Tag Archives: religion

The uncomfortable truth about tithes

Many religions, especially those with Mosaic/Abrahamic connections, embrace the concept of ‘tithing’: giving one tenth of your income to the church. Originally, of course, this referred primarily to agricultural produce; in more recent years it tends to focus on Standing Orders and Gift Aid. Jesus himself apparently said little or nothing about it, which has allowed different groups of his followers to put differing degrees of emphasis, or compulsion, on on the concept since. But it is, of course, generally regarded by church leaders as desirable, and in my youth, sermons pointing out the biblical distinction between ‘tithes and offerings’ were not uncommon — the former being expected and, in effect, already belonging to God; the additional voluntary contributions constituting virtue (as long as both were done in secret).

Over coffee, after one of these sermons, I sympathised with the preacher. How obvious it was, I said, that very few people took these biblical directives to heart. He made some remark about how he was fortunate to have a generous congregation, and I fear I may have emitted something like a snort as I looked around at the gathered multitudes. I was very fond of them too, and many of them were very generous people, but I pointed out the mathematics…

In the Anglican church, for example, if people took tithing seriously, then every nine parishioners could support one vicar, who would then have the same average standard of living as his flock. (That got his attention!) You would need ten in your congregation if the vicar tithed too (which I guess would allow ten vicars to support one bishop, and so on).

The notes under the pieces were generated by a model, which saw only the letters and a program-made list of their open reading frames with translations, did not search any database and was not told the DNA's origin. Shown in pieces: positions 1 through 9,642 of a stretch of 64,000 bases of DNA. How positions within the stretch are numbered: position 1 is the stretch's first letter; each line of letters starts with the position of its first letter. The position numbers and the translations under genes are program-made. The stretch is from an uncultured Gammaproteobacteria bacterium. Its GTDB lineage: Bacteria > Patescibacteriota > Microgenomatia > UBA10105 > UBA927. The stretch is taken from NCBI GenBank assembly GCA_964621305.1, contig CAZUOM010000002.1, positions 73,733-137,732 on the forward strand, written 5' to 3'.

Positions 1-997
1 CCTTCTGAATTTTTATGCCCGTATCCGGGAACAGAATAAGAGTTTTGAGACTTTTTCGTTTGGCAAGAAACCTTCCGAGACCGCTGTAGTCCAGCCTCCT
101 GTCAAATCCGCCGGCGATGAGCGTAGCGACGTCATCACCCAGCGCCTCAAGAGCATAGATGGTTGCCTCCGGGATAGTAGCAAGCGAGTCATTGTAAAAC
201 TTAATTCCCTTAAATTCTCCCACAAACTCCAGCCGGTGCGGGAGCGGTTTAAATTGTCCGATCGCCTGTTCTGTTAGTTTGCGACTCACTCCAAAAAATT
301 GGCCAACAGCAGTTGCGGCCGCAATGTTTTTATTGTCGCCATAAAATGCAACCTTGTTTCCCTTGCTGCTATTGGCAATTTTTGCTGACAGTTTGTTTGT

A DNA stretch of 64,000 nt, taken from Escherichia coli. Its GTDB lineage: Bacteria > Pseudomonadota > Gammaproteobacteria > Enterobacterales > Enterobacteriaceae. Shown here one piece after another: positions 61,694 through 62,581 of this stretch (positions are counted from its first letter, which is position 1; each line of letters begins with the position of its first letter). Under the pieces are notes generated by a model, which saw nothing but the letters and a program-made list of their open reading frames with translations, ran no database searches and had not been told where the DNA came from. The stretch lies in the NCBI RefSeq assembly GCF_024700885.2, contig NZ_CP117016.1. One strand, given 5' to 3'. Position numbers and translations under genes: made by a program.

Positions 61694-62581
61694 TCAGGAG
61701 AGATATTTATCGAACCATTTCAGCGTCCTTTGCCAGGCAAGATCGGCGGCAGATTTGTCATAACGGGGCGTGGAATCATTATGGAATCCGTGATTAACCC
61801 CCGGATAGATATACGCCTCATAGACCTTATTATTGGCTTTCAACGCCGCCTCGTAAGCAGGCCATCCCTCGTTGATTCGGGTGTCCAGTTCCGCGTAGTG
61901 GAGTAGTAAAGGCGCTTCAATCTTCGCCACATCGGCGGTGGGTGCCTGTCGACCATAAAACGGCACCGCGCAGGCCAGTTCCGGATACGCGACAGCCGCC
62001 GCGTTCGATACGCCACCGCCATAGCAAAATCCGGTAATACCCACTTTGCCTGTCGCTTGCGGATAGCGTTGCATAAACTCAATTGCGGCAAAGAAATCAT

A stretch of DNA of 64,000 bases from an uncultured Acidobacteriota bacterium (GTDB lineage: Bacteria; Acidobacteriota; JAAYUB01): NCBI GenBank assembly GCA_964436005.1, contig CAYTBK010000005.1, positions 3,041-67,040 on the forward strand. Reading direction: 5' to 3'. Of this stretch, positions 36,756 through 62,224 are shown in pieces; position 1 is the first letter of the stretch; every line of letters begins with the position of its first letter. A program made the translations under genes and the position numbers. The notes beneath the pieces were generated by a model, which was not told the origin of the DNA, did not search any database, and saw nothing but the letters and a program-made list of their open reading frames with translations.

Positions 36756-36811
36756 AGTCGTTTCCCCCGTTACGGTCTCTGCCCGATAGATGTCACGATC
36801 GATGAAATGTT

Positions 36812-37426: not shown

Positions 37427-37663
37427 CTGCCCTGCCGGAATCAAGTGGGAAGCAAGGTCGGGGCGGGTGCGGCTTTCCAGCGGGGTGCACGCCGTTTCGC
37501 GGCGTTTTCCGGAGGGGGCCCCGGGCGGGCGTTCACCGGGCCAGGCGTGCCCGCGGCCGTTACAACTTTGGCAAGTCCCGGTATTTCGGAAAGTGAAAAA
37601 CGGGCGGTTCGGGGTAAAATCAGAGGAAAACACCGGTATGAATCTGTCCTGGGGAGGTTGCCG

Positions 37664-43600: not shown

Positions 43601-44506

OK, and you have to maintain the church buildings, do some good works, etc. So perhaps you need a congregation of about 15 people per priest for the church and clergy to lead a comfortable life. (That’s assuming your church doesn’t have any other income from land, bequests, indulgences or whatever…)

In the 35 or so years since that conversation, church attendance has declined so rapidly that many parishes will be doing this kind of maths for themselves. The average C of E congregation is something like 30-40 at present. But back then, though, I fear I may have left him contemplating his congregation of around 150 a bit less favourably than when he started his mug of coffee.

The Church(es) of England?

I have something of a soft spot for the Church of England, having grown up in it, though it’s been rather a long time since I was a regular attender. But I think this article is probably correct when it starts with:

The archbishop of Canterbury must acknowledge that disestablishment has already happened, and look to a future that deals with reality.

I particularly liked one of the illustrations of this point:

The Diana funeral was about half Anglican, and half teddy bears.

Actually, I’ve always thought that the church would probably benefit from disestablishment. This article makes the case for decentralisation, as well.

Now, I know little of church finances, but I suspect that very few current congregations could actually support their clerical staff if it weren’t for the church’s central endowments and investments. No doubt some distribution mechanism could be sorted out, even if the parishes were to be more independent.

But I do remember, sitting in a dull sermon somewhere as a child, realising that if congregations really took the biblical principle of tithing to heart, then it would only take nine people to support a vicar at the same standard of living as they had. Or ten, of course, if the vicar wanted to tithe as well!

Something for the faithful to ponder…

© Copyright Quentin Stafford-Fraser